common sense 1-27-05
At President George W. Bush’s recent “National Economic Conference,” an entire session was devoted to bashing trial lawyers — and what a rollicking good time it was!
A panel of corporate interests wowed the handpicked audience of Bush partisans with jabs at the lawyers who try to hold wrongdoing corporations accountable. Bush nodded and chuckled as panelists cried about people who sue these business empires.
For example, Home Depot CEO Bob Nardelli was there, wailing that his $64 billion-a-year retailing Goliath is a target for pesky consumers and their lawyers. “You’ve got deep pockets colliding with shallow principles,” Bob snorted, drawing guffaws from an appreciative president who is urging Congress to limit the rights of consumers to sue companies such as Home Depot.
Missing from Bush’s bashfest was Mary Penturff. Even if she’d been invited, she couldn’t have come — she was killed when her head was crushed by a 75-pound box that fell from one of Home Depot’s “high-stack” shelves. Janessa Horner couldn’t be there, either. The body of this 3-year-old was shattered by wood fragments when more than a ton of kitchen countertops fell 10 feet from a Home Depot forklift, splitting a main blood vessel in Janessa’s brain. She died four hours later.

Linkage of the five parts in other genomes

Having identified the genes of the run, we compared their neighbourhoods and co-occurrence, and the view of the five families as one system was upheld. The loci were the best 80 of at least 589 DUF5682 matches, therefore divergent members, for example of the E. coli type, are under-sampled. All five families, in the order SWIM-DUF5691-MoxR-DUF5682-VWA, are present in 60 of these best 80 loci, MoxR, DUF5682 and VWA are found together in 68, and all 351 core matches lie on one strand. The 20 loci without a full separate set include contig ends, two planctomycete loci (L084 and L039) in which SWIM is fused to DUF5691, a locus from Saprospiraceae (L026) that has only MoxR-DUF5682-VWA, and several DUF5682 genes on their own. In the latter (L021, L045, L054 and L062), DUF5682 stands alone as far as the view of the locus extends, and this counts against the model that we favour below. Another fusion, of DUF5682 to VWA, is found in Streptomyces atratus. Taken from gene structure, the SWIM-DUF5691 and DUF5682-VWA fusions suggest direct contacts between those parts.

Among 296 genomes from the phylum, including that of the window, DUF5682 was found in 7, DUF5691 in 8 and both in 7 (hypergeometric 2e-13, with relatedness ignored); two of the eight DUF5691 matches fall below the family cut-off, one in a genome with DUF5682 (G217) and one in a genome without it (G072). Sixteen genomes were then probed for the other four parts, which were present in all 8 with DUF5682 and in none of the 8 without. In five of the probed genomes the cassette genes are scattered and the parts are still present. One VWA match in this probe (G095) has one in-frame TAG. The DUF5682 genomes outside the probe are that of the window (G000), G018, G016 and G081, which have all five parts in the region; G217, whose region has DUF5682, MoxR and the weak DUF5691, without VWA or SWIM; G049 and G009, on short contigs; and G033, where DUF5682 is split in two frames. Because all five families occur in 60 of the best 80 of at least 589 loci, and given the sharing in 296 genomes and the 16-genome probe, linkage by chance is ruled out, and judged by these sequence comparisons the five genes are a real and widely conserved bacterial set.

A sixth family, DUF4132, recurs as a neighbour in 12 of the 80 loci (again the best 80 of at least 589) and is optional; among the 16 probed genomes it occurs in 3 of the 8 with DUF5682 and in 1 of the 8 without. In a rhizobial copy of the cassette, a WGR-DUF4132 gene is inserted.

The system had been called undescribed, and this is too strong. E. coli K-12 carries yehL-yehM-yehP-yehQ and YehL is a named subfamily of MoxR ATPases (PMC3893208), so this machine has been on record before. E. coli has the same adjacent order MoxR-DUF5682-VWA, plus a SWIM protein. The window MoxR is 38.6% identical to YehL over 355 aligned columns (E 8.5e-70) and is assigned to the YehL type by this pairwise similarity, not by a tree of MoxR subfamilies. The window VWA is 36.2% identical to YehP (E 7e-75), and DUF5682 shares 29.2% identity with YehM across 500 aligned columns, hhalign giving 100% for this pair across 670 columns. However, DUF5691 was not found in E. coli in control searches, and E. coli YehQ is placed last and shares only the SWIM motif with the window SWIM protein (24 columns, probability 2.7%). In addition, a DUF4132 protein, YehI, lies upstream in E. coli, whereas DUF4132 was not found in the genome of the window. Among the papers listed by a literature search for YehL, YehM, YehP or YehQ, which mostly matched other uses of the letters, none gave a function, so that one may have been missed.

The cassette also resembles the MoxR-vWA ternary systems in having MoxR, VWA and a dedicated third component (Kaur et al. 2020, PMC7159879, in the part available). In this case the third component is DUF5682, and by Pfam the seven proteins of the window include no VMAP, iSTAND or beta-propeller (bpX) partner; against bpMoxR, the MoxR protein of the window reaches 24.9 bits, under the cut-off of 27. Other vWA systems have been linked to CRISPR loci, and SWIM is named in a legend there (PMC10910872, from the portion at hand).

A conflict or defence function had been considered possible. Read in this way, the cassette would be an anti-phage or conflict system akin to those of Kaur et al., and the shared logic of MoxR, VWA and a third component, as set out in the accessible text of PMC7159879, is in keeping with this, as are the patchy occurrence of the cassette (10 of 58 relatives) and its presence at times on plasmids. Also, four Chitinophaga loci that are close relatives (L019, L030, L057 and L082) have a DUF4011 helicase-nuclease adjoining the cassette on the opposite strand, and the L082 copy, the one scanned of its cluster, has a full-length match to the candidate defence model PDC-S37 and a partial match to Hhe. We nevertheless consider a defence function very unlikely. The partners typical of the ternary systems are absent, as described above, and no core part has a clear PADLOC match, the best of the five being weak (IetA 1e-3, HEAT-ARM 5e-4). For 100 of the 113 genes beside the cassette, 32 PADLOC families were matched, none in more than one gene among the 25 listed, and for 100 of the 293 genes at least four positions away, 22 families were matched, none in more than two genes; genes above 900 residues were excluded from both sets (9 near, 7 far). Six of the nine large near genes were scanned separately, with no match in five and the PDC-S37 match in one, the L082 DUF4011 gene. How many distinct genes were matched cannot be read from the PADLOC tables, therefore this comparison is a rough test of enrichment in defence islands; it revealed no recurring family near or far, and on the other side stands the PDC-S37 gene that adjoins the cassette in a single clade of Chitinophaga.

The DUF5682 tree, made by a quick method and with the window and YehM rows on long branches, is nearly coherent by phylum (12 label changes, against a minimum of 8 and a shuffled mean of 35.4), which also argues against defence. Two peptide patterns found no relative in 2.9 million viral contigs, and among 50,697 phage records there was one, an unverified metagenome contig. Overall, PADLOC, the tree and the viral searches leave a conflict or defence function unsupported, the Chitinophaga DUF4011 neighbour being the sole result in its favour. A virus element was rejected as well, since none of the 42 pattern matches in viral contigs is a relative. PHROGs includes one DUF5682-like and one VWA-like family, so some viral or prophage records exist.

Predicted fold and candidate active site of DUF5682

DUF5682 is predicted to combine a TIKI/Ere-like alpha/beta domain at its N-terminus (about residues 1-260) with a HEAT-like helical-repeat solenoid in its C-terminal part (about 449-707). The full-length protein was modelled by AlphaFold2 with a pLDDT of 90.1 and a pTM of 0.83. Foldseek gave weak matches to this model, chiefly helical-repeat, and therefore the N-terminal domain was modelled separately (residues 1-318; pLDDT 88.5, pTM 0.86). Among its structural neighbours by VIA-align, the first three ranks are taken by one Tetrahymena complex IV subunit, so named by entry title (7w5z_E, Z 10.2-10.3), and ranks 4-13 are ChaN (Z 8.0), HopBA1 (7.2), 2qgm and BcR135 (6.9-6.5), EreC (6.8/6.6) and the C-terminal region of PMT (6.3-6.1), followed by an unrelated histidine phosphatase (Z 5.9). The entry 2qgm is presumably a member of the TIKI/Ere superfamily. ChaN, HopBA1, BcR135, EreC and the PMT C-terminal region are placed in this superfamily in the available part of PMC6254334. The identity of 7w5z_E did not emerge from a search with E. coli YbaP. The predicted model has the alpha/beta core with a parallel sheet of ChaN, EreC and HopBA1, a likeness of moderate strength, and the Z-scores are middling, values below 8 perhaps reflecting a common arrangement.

Nardelli tries to keep secret the number of people killed or maimed by Home Depot — which has been labeled “the most dangerous store in America” — but it’s known that in one year alone the company was getting 185 injury claims per week. Why doesn’t Bob do something about it? Because it’s more profitable for him to settle with the families than to change the dangerous way in which his stores are operated.
And it’s even more profitable for him to back his buddy Bush, who’ll then push a law to keep families such as Mary Penturff’s and Janessa Horner’s from suing.